Sunday, December 7, 1941- Pearl Harbor through the eyes of my mother by Tracy Diane Miller
I have always been a lover of history. As a child, I had a curiosity, one might say a morbid curiosity, with reading tombstones. I would think about the people buried in the cemeteries. Who were they? What were their lives like? What moments were important to them? These common, everyday people who would never occupy the history books.
Maybe Fate always decided that I would love history. There is a sense of irony that I was born on July 4th. That was a point of great pride for me. The first writing contest I won was for the bicentennial in 1976 when I wrote a piece about how happy I was to share my birthday with America. I was eleven years old. I can’t believe that was forty years ago. I remember it so well.
My mother was a lover of history too. Born in 1924, she was a living witness to many of the events that shaped the world’s consciousness. As a child, I was enamored with her photographic memory and her story telling ability. I like to believe that I inherited these skills from her.
One story she told every year on its anniversary was her account of what she was doing the day Pearl Harbor was bombed: Sunday, December 7, 1941. For this day that “will live in infamy” (as FDR so eloquently predicted) started out as a typical day for her. She, her mother and father were going to attend church then do some family activities. My mother was living in Atlantic City, NJ at the time and that meant beach and boardwalk time. Yes, America wore the blatant culture of segregation in those bygone days with its “colored beaches” and “colored only water fountains”, but my mother, forever the optimist, felt things could be better.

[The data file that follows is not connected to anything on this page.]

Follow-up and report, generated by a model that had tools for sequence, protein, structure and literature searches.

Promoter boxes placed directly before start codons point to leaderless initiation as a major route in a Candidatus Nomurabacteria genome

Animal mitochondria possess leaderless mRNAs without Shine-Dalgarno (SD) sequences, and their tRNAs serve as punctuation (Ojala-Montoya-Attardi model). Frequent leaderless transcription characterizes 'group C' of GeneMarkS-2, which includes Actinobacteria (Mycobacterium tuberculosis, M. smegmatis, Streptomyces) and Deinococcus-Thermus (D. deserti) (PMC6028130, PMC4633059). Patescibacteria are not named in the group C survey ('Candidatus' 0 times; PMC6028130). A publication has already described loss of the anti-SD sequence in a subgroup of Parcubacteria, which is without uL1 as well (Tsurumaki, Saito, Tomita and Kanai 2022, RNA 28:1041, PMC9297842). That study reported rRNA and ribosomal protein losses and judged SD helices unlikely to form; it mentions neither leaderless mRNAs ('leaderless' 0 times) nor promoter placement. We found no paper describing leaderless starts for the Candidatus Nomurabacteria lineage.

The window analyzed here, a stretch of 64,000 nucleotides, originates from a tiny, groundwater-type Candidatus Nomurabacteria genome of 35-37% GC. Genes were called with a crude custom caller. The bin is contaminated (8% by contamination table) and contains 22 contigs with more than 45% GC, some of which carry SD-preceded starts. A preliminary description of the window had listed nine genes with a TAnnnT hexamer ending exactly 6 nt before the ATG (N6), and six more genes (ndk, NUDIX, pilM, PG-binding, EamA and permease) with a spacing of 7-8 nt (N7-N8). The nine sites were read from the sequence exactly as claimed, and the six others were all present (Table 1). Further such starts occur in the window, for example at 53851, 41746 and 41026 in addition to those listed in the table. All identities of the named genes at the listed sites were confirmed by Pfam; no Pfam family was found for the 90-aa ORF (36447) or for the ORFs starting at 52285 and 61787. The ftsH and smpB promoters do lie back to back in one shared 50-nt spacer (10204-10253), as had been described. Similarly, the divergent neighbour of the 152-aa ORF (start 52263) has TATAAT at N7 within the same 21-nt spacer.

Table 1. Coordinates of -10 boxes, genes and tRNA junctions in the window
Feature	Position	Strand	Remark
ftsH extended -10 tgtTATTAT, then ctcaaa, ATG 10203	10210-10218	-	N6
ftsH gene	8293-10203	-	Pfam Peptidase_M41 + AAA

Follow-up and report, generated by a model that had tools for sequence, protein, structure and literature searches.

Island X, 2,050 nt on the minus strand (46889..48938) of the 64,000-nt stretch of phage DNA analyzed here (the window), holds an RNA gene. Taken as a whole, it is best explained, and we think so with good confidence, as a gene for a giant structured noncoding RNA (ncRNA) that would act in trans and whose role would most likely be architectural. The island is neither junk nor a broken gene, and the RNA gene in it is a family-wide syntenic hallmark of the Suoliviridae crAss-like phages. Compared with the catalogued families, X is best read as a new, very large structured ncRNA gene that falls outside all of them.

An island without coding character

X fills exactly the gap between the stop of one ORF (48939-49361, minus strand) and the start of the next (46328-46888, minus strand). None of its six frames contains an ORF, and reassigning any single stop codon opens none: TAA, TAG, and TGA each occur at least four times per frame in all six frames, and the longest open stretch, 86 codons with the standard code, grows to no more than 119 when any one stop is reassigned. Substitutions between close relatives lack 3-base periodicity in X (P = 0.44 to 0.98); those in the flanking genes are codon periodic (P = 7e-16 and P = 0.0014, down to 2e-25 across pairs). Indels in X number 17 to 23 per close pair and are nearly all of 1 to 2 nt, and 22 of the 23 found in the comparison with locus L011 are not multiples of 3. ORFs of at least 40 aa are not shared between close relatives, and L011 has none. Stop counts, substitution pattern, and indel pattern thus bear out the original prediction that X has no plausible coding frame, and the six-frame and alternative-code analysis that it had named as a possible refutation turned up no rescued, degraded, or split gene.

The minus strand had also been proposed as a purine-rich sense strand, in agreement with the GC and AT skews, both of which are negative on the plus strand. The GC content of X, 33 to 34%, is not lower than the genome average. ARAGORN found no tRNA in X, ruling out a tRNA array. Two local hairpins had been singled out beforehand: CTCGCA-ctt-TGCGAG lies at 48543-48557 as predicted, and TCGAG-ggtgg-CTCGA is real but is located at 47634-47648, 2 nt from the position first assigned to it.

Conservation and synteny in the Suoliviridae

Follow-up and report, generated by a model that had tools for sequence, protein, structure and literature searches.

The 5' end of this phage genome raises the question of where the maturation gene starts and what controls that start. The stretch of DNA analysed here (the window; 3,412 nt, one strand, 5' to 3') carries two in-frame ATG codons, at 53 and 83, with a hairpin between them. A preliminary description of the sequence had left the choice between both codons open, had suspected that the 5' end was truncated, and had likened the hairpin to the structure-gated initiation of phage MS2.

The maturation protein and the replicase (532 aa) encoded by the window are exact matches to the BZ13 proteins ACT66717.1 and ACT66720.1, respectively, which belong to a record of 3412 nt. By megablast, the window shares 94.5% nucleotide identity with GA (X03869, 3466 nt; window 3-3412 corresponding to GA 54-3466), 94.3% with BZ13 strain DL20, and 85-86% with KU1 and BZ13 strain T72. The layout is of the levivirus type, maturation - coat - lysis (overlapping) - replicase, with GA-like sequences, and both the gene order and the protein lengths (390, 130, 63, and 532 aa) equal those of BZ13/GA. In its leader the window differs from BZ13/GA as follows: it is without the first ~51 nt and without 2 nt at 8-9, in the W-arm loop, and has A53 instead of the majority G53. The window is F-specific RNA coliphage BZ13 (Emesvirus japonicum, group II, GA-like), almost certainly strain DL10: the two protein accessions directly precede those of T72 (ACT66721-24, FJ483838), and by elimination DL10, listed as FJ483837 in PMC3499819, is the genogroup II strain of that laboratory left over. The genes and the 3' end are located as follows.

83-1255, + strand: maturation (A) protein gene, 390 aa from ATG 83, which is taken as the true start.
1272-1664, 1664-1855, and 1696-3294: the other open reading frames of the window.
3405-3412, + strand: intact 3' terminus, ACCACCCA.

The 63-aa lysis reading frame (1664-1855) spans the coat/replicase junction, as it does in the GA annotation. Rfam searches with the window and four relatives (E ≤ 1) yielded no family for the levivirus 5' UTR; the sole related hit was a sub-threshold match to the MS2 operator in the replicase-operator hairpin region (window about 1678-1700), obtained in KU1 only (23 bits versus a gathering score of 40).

America seems to come together in crisis so when news of the Pearl Harbor bombing hit the radio waves, the anguish and shock was palpable enough to unite people as citizens of the country they loved. My mother said that she saw white and black people hug and comfort each other along the Atlantic City streets. The unspoken fear and truth was that America was going to war. My mother talked of her classmates who enlisted and of the many who gave their lives for the cause of freedom. She worked the war effort through the USO, singing for the soldiers.
Seventy-five years later, most of these courageous witnesses to Pearl Harbor have passed away. Those of us who remain have the responsibility to keep their memories and stories alive. These proud champions of compassion and freedom may not have aspired to the distinction but they are heroes. Many of them made the ultimate sacrifice for their countries. Most of these people don’t have their names blazed in history books. But all of them are heroes whose destinies were shaped by that “day that lives in infamy.”